A. I really did feel a calling to do something like a medical mission trip many years ago. I had the typical fears that most people feel about going to a developing country; should I spend the money, use my vacation time, will I be safe, and can I really help and make a difference? Well, the answer was it has always worked out perfectly each year for me to go. I have found very meaningful work to do each year with my mission team. The very best part is that I have made deep and lasting friendships with families I have come to know and love in Belize. Belizeans are wonderful, hardworking, fun-loving people. I have been very blessed to travel to Belize each year and serve in many capacities, but always, always, I return home with so much more in friendships and inspiration than I ever give in time or resources.


Union Institute & University is guided by its core mission to educate highly motivated adults who seek academic programs to engage, enlighten, and empower them to pursue professional goals and a lifetime of learning, service, and social responsibility.

Click here to learn more. Your Goals. Your Success. Your Union. We’ve Got U!

Salute to Marine Veteran and Union Institute & University alumni named Humanitarian of the Year

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Alumnus Mitch Rivas, who is also a Marine Corps veteran, was named Humanitarian of the Year by the National Association of Letter Carriers Heroes of the Year ceremony on October 30 in Washington, D.C.

Rivas FamilyMitch, a letter carrier in the Berea, Ohio area, was singled out for making an impact on the world of hospitalized children and their families through the Maryssa Mission Foundation (MMF). The foundation was created shortly after losing his 28-month-old daughter Maryssa, a twin, in November 2015.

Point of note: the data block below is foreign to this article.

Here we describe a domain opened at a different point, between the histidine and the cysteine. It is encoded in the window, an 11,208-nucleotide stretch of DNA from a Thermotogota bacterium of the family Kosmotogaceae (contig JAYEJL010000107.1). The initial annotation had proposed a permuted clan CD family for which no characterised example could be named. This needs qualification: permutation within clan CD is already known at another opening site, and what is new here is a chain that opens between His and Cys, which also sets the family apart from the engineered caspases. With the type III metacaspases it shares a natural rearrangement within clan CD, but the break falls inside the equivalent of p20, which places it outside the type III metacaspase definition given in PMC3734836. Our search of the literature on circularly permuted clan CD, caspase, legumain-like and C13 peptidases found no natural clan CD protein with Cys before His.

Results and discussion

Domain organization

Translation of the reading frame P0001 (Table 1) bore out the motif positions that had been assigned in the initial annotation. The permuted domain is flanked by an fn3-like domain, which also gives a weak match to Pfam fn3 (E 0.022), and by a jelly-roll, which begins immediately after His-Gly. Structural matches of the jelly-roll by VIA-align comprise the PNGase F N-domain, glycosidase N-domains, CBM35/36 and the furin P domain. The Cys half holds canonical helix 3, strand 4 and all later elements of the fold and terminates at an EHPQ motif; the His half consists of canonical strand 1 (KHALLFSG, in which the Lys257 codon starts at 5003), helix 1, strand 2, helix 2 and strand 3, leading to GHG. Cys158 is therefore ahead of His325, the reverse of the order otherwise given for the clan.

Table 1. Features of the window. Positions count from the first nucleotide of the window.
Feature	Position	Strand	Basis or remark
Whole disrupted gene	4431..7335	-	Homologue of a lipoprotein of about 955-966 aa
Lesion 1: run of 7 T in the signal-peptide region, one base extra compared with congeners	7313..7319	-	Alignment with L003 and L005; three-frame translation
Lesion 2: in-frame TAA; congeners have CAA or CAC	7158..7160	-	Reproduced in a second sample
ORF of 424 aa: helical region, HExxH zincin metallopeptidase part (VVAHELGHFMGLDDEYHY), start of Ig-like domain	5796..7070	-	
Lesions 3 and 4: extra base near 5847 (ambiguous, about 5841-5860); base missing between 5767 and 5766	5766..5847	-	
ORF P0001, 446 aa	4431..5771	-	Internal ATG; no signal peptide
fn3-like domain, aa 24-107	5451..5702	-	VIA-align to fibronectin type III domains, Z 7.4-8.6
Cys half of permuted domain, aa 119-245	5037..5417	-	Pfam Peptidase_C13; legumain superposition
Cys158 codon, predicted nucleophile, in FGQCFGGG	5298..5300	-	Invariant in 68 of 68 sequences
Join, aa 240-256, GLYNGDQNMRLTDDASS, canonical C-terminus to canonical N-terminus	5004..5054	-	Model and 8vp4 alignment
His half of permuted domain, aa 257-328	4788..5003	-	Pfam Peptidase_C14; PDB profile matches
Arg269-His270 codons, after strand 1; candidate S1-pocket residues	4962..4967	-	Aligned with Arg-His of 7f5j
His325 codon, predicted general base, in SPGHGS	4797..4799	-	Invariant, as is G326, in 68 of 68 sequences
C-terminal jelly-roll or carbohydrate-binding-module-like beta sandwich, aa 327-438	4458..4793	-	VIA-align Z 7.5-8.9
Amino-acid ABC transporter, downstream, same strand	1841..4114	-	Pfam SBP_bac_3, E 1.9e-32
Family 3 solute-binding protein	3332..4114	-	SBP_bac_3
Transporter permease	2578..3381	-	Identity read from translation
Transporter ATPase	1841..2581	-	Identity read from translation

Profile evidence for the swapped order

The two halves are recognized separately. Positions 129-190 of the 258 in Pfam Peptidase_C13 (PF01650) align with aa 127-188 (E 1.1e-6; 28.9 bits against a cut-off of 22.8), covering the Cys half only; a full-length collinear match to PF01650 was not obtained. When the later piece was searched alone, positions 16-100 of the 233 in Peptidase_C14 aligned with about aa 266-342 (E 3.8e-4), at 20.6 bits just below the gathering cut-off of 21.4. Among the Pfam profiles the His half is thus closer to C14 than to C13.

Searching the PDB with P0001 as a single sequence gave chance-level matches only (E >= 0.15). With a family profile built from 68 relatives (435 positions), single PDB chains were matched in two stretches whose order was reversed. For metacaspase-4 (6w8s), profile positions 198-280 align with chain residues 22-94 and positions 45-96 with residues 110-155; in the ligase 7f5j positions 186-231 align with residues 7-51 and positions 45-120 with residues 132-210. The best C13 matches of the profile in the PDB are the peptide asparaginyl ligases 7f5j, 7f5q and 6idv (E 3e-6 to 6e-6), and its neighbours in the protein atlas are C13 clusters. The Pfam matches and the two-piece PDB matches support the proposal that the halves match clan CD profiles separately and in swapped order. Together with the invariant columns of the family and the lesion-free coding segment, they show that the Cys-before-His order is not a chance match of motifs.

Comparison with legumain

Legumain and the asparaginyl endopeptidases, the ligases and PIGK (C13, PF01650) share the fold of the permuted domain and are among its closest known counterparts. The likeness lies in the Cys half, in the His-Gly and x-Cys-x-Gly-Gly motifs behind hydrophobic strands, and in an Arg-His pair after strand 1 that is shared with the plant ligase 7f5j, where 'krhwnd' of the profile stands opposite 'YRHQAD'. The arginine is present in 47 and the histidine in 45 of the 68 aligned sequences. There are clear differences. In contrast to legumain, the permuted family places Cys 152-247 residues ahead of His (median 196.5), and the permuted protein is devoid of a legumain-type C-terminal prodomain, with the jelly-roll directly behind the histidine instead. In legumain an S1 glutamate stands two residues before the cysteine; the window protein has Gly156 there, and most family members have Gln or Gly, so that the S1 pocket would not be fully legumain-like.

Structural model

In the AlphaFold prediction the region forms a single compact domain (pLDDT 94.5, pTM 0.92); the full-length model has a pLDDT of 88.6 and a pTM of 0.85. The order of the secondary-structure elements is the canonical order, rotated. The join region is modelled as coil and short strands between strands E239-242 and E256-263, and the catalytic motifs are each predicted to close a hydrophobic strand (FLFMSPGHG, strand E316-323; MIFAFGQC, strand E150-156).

Mitch credits his Union capstone project that inspired him to create the blueprints for the foundation to honor Maryssa’s memory. Read more about Mitch and his work to help children at this UI&U link.

Watch Mitch accept the Humanitarian of the Year award on YouTube. Read more about the award in the NALC newsletter and the Federal Times newsletter.

Like Mitch, you can use your veteran benefits to complete your bachelor, master’s or doctoral degree. We are proud to be a Yellow Ribbon university, offering the best education opportunities for our Active Military and Veterans. We understand the unique needs of our veteran students and the balance between school and civilian life. That’s why we provide exceptional one-to-one guidance and various financial services just for you. Learn more about our military programs at this link.

Your Goals. Your Success. Your Union. We’ve Got U!

Best Online Bachelor's Child Development

Union Institute & University is Ranked No. 1 in Best Online Bachelor’s in Child & Adolescent Development Major

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Union Institute & University has been ranked No. 1 in the Best Online Bachelor’s in Child Development by Online Schools Report for its Child & Adolescent Development (CHAD) major. Online Schools Report ranks online higher education programs based on statistical data points. More information on the methodology can be found here.

Best Online Bachelor's Child DevelopmentDr. Birgit Monks, Lead Faculty of CHAD at Union, reflects on the designation. “The ranking of the Child & Adolescent Development major confirms the quality of student services and student learning that Union Institute & University provides to our students. It shows the high level of knowledge students acquire through learning and instruction as it relates to the field. This ranking also reassures our students they made the right choice by enrolling at Union to obtain a degree and starting or continuing a career working with children, adolescents, and their families.”